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Memorandum of Discussion: U.S.-U.S.S.R. Joint Meeting on Earthquake Hazards Mitigation - September 9-13, 1991, Moscow, U.S.S.R Aptikaev). This will include the problems of liquefaction, landslides, and ground motion amplification. Suggested pilot areas are sites covered by loess, which are common in the Soviet Union and can be found in the United States near the New Madrid earthquake epicentral area. The Caucasus and some places in Central Asia are suggested for the study of landslides. (4) In situ study of nonlinear site amplification at sediment sites using Vibroseis as well as weak and strong-motion data (Nikolayev, Beresnev, Steinberg, Solovjev). This project will have dual approaches. One is to develop a new method for in situ determination of soil properties that are relevant to the non-linear amplification of ground motion. Recent recognition by some U.S. seismologists of the pervasive nonlinear amplification effect on ground at sediment sites and the use of Vibroseis in determining the nonlinearity parameter by some U.S.S.R. seismologists make this proposal a timely one. As was found both in the United States and the Soviet Union, wave velocity changes with stress field changes. The working group proposes to monitor the wave velocity variations in test sites in the United States and the Soviet Union in order to predict their effect on strong motions. The other approach is to install a seismic array, including downhole seismographs, to collect weak and strong-motion data for delineating the nonlinear effect. We need a site with high probability of strong motion, such as the Caucasus in the Soviet Union or Parkfield in the United States. A study of the dependence of seismic attenuation on amplitude will also be performed. (5) Development of observational and theoretical technique for determining the effect of topography and three-dimensional geological structure on strong ground motion (Savich). Suggested pilot study sites include the San Francisco Bay area and valleys in Utah and the Caucasus. Induced Seismicity (6) Monitoring potential induced seismicity in the vicinity of the Ragun Dam (Mirzoev). Currently, the Ragun reservoir (planned height of 300 m) is being filled with water. The filling started a year ago and is planned to be completed in nine years. The dam is located within 10 km of an active fault with potential for an earthquake of M=7.5. This area is covered by an existing network, and a complete seismicity catalog has existed since 1955 for M>1.5. The proposed research includes the study of spectral features of micro-earthquakes and requires digital seismographs comparable to the portable seismometer (PASSCAL) instruments. This proposed research has great engineering importance and should be of interest to engineers at the U.S. Bureau of Reclamation and U.S. Army Corps of Engineers. (7) Laboratory studies on mechanical instability and elastic wave radiation (Sobolev). This proposal will give basic understanding on seismicity induced by various causes.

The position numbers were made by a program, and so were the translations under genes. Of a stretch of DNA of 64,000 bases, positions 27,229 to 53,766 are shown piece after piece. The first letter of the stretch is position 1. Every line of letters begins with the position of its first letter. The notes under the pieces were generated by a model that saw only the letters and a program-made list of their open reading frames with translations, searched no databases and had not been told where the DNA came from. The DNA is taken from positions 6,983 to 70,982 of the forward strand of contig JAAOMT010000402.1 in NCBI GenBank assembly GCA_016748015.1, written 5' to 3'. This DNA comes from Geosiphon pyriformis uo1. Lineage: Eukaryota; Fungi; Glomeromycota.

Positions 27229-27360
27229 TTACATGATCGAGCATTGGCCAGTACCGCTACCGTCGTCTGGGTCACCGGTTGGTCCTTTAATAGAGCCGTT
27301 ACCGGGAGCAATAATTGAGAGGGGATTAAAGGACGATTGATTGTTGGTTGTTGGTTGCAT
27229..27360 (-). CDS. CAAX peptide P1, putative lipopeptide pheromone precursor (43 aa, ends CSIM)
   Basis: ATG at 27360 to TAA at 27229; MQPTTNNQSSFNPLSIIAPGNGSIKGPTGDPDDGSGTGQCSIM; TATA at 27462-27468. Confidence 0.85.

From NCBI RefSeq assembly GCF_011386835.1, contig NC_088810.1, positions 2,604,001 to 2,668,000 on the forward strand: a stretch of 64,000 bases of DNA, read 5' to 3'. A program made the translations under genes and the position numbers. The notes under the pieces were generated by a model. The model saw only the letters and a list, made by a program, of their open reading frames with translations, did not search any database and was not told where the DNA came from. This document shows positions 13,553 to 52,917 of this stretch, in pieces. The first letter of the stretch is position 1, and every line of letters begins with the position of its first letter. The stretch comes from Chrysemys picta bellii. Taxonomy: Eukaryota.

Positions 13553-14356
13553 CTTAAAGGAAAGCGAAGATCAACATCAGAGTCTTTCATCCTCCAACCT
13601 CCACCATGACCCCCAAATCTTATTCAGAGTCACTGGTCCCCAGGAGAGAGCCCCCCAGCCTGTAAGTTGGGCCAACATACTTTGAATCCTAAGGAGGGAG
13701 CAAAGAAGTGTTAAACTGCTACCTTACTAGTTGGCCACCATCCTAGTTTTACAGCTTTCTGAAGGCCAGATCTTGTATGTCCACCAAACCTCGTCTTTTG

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Memorandum of Discussion: U.S.-U.S.S.R. Joint Meeting on Earthquake Hazards Mitigation - September 9-13, 1991, Moscow, U.S.S.R (8) Induced seismicity by explosions (Nikolayev). This proposal is an outcome of an extensive research program carried out in the Soviet Union on various aspects of nonlinearity in seismic wave generation and propagation. The working group proposes to study the effect of underground nuclear explosions in Nevada and Semipalatinsk test sites on seismicity in respective regions. (9) In situ studies of rock properties and dynamic processes under seismic vibrations (Nikolayev, Beresnev, Mirzoev). It has been found in the Soviet Union that there is a correlation between the microseisms level change, the water table in wells, and local seismicity. Also, it was found that geochemical, hydrogeological, electrical, and other processes are affected by artificially generated seismic vibrations. The simulation of high-frequency seismic emission was observed as an effect of vibrations. We propose to examine whether similar phenomena exist in southern California where the necessary data are available. Instrumentations (10) Involvement of U.S. scientists in Tadjikistan’s existing strong-motion program. There exist 35 strong-motion seismographs in Tadjikistan, and there has been a cooperative program between the United States and Tadjikistan since 1975. Currently, however, there is no U.S. scientist involved in the program. We propose to reestablish the U.S. participation. (11) Installation of strong-motion seismographs in Ragun Dam. There exists a network of strong-motion seismographs in the area surrounding Ragun Dam. There are, however, no seismographs on the dam itself. It is proposed to install strong-motion seismographs on and in the dam for the purpose of studying earthquake-resistant designs of dams.